Legal expert: California religious liberty threat ‘most significant’ ever

Religious Liberty | Proposed legislation seeks to cripple faith-based higher education in California
by Evan Wilt
Posted 7/19/16, 05:39 pm

WASHINGTON—A bill rushing through California’s state legislature could deliver a fatal blow to Christian education, legal experts warn.

“I’ve been practicing religious freedom law for about 20 years now and I believe this bill is one of the most significant threats that there has ever been to religious freedom,” Greg Baylor, senior counsel for Alliance Defending Freedom, said today at the Heritage Foundation.

Hours before adjourning for July recess, a California State Senate committee advanced a bill that seeks to punish faith-based colleges and universities for holding biblical beliefs about marriage and sexuality. If signed into law, SB 1146 could expose schools to punitive litigation and the loss of millions in student aid. Schools wanting to avoid any penalty would have to dissolve student codes of conduct based on biblical teachings about sex and wouldn’t be able to base hiring decisions on religious convictions about sexuality, gender identity, and marriage.

Baylor said California lawmakers have no evidence of schools wrongly discriminating against LGBT students and concluded the bill is just an attempt to silence biblical beliefs.

SB 1146 attaches new components to the anti-discrimination requirements for Cal-Grants, the largest state-funded student financial aid program. Cal-Grants award students between $6,000 and $12,000 to help pay tuition at any accredited college or university in the state. Under the bill’s current language, faith-based schools would no longer be eligible for Cal-Grants.

William Jessup University, a small Christian school in northern California, hires Christian faculty, separates student housing on the basis of biological sex, and prohibits homosexual activity as part of its code of conduct. About one-third of its traditional undergraduate students use Cal-Grants to help pay tuition costs.

“I can tell you now and you can quote me later: William Jessup University will not change its policies,” said John Jackson, school president. “We will be faithful to our biblical and religious convictions no matter the economic consequences.”

Cal-Grants provide about $9,000 in aid for students to attend private institutions. William Jessup stands to lose about $2 million per year. For larger Christian universities in the state, the annual losses could total up to $10 million.

Losing that much from its annual budget won’t sink the school but William Jessup would have to cut back on resources and programs offered to students, Jackson said.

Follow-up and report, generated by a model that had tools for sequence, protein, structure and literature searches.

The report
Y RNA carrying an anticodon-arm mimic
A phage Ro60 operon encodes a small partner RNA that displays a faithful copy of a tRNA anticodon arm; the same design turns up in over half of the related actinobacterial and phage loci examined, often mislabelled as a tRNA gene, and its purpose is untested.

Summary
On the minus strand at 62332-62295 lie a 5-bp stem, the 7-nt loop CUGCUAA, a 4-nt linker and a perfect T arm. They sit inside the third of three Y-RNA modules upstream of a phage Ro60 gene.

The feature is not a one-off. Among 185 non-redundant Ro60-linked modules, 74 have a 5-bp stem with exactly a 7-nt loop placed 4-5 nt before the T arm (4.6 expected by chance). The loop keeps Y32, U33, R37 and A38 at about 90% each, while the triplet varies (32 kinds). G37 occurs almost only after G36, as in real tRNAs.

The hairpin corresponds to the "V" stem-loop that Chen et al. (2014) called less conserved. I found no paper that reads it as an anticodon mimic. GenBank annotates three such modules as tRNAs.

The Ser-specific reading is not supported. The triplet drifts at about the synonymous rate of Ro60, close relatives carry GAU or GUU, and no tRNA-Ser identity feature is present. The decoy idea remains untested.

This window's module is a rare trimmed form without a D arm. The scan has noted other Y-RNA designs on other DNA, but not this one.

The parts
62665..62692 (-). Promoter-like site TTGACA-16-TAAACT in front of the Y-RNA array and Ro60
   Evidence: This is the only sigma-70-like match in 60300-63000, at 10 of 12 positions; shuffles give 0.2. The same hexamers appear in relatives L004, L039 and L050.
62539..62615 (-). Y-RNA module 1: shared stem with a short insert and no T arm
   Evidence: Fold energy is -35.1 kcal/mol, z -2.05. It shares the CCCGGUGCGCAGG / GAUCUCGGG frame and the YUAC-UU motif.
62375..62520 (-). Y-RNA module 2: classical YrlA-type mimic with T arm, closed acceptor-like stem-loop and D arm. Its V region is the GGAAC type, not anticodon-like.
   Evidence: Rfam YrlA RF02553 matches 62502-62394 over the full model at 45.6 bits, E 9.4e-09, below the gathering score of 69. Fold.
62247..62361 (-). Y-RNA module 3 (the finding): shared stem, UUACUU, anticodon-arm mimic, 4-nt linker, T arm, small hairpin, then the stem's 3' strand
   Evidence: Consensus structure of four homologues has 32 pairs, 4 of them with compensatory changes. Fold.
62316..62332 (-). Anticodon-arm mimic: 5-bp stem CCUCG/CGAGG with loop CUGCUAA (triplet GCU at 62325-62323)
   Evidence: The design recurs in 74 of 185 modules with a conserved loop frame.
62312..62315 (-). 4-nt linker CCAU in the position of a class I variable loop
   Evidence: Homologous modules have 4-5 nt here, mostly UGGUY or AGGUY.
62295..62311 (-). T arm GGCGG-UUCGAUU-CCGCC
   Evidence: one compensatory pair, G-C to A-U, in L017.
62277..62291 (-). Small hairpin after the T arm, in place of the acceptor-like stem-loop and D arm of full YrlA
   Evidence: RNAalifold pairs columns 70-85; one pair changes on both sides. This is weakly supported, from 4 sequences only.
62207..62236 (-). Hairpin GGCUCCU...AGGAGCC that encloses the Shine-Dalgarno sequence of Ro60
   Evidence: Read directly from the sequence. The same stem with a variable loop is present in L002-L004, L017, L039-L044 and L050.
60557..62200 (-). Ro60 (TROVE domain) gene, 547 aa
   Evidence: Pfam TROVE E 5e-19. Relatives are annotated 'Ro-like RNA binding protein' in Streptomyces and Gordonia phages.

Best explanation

That’s the short-term impact. But the long-term forecast of passing SB 1146 is that fewer students will choose to attend Christian schools in California, according to Baylor.

“Nine thousand dollars means a lot more to that student than $2 million does for William Jessup University,” Baylor said. “It’s a direct financial punishment because you are choosing a school that has traditional views about sexuality and marriage.”

But state Sen. Ricardo Lara, the openly gay Democrat who authored the bill, believes students will suffer without the legislation.

“These universities essentially have a license to discriminate, and students have absolutely no recourse,” Lara said, according to the Los Angeles Times. “Universities are supposed to be a place where students feel safe and can learn without fear of discrimination or harassment.”

But Baylor notes the bill discriminates against the schools and their beliefs.

“We would never say the Catholic church can’t require its priests to be Catholic,” he said. “But that’s essentially what this bill does.”

All schools wanting to keep state financial aid would have to accommodate students based on their gender identity and would not be able to separate housing, restrooms, or locker room facilities based on biology. The same standards would apply to gender fluid students, those who fluctuate between identifying as either male or female.

SB 1146 goes to a Senate Appropriations Committee on Aug. 3 for deliberation and another vote before heading to the full general assembly at the end of the month. If it passes, Gov. Jerry Brown, a Democrat, will have until the end of September to sign it. The bill would go into effect Jan. 1.

Evan Wilt

Evan is a World Journalism Institute graduate and a former WORLD reporter.

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  • JerryM
    Posted: Tue, 07/19/2016 06:34 pm

    "...students have absolutely no recourse."